According to the Permanent Bureau’s latest statistics, based on surveys of member nations in 2003, in 68 percent of cases, the parent who initially flees abroad with a child is the mother. After a marital separation, mothers are more likely to have primary custody, and many “taking mothers” cite domestic violence as their reason for running off with their kids. Indeed, the most popular defense against a “prompt return” of a child is Article 13B of the convention—that the child would suffer a “grave risk.” Another common defense is Article 12, which, after a year has elapsed since the abduction or wrongful retention, allows a judge to take into account whether the child has “settled into its new environment.”

“You’ll see this when you look at compliance reports,” says Martha Pacheco, Abduction Unit chief at the Office of Children’s Issues. “The child will not be returned quickly, for whatever reason. A year goes by, two years go by, and then the argument is made by the taking parent that the child has settled in the country and it will be traumatic for the child to go back. It’s not fair—it’s a catch-22.”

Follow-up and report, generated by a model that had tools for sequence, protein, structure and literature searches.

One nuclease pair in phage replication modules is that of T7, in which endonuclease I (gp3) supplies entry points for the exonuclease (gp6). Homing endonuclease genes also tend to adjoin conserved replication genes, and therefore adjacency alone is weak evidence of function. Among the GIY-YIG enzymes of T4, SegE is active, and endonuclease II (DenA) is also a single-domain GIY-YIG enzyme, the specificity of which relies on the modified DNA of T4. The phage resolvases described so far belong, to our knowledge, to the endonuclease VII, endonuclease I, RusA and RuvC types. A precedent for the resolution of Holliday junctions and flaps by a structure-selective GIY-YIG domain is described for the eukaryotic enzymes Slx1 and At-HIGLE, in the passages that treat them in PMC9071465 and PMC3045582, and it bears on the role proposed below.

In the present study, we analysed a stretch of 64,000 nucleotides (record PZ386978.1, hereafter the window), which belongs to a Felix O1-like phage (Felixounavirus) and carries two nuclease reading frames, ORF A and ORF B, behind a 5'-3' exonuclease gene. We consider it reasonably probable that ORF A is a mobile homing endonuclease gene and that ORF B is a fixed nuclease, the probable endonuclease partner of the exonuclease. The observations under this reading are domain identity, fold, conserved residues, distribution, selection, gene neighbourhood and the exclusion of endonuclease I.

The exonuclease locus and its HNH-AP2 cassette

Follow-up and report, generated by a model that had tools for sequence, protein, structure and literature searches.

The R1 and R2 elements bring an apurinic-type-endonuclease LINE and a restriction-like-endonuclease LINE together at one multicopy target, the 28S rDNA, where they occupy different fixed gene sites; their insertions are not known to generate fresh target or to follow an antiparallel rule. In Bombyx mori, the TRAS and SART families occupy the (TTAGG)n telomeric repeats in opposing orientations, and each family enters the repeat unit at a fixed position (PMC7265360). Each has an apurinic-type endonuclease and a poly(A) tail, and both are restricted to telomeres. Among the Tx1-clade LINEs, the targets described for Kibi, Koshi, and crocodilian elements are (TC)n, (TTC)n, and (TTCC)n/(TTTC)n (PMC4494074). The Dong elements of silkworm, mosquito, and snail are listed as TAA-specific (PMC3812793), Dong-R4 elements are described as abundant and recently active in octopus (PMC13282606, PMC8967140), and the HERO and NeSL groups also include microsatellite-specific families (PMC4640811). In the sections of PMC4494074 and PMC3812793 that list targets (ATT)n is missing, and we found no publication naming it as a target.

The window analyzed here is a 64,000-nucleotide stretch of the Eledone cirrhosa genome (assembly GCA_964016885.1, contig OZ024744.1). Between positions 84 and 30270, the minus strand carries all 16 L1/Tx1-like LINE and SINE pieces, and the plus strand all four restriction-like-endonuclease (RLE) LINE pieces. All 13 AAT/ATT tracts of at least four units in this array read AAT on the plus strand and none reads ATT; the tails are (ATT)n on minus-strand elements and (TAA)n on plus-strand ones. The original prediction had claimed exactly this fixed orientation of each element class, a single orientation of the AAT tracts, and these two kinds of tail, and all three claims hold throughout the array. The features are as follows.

The left-behind parent faces tough odds. Many countries, especially in Asia and the Middle East, have not signed the convention. Those countries have a tendency to favor the rights of their nationals, even if they’re the taking parents. Japan has one of the worst records among non-Hague countries. The State Department is handling 73 outstanding cases involving 104 children who have been abducted to or retained in Japan by parents.

The predicament of Walter Benda is typical. In 1995, he was living with his wife of 13 years in her home country of Japan. According to Benda, he wanted to return to the U.S. and she did not. One day, she disappeared with their two daughters. “Please forgive me for leaving you this way,” she wrote in a note she left. The Japanese police, Benda says, would not investigate what they viewed as a family matter; it took him three and a half years to find the girls. He never won visitation rights. “It took a couple of years before the courts even interviewed my children,” he recalls. “By that time, they’d been brainwashed and didn’t want to see their father.”